The trail distance used by A. heyeri was 47.4 m. Colonies of A. rugosus in Paraguay emigrated to new nest sites more than 60 m from the original nest (Fowler 1981). A colony of A. crassispinus emigrated to a new location 60 m away (Fowler 1977). The most distant nest relocation registered to A. sexdens was 320 m (Fowler 1981). Emigration of A. colombica from its old mound site to a new one was 200 (Rockwood 1973) to 270 m (Porter & Bowers 1980).
There are four explanations why leaf-cutting ants relocate their nests. First, nest relocation may occur due to repeated applications of insecticides. Three colonies of A. sexdens were observed emigrating followed baiting with a toxicant (Fowler 1981). Flooding can be another factor that initiates a colony emigration. A colony of A. colombica was completely submerged for about 5 days. When the water level dropped, the colony moved to a higher region (Rockwood 1973). Emigration may occur due to poor foraging conditions. For instance, a colony of A. colombica emigrated because its foraging dropped to extremely low levels for more than two weeks during the dry season. Also, their foraging area was ploughed and planted with sorghum (Rockwood 1973). Finally, leaf cutting ants are known to emigrate following intra and interspecific aggression. For example, aggressions between colonies of the leaf-cutting ants A. crassispinus and A. sexdens were observed, such that A. sexdens dominated the A. crassispinus nest, but did not overcome it (Fowler 1977). The A. crassispinus nest was subsequently raided by Labidus praedator (Fr. Smith, 1858), which took larvae and pupae without killing the colony. The result was the nest displacement of the attacked A. crassispinus colony (Fowler 1977).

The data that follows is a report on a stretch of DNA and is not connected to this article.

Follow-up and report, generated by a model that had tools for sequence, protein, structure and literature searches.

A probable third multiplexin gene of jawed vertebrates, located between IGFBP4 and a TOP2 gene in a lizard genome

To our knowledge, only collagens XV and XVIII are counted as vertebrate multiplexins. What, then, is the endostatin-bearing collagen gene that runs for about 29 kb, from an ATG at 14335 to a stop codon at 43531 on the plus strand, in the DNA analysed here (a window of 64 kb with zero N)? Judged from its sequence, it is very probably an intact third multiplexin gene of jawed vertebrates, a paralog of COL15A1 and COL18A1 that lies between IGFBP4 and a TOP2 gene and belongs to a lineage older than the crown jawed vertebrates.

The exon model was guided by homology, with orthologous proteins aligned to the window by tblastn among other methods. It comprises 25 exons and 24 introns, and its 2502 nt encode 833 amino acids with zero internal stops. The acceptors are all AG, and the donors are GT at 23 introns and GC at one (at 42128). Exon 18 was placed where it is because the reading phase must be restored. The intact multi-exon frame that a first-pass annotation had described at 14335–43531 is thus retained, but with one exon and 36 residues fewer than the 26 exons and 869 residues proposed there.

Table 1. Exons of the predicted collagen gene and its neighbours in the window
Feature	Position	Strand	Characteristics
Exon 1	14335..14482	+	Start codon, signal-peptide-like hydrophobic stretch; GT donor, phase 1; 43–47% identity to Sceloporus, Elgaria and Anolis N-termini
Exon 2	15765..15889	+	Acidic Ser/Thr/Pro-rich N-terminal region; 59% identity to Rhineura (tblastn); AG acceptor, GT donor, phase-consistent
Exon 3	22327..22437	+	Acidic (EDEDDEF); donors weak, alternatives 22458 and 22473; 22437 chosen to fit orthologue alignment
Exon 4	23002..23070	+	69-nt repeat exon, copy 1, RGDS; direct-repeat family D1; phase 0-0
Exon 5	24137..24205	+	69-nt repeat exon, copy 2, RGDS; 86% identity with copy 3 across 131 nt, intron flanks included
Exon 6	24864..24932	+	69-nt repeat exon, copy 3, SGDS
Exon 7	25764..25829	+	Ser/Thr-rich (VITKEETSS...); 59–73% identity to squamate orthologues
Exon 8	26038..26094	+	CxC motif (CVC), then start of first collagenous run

In the present study, the A. heyeri colony had undergone considerable stress before it moved. Its foraging area was reduced by competitive pressure with an A. crassispinus colony (MAN, personal observation). The foraging trail of A. crassispinus reached the foraging trail of A. heyeri and there was interspecific aggression between workers along the trail (MAN, personal observation). By moving, A. heyeri colony freed itself of competitive pressure from A. crassispinus colony and established itself in a new area where it could expand its foraging range.
We thank the Coordenação de Aperfeiçoamento de Pessoal de Nível Superior (CAPES) for granting fellowship to M.A.N. and Battistella Florestal for financial support.
We also thank Martin Bollazzi for assistance in the species identification.
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Received 25/8/2011; accepted 26/6/2012
Editor: Kleber Del Claro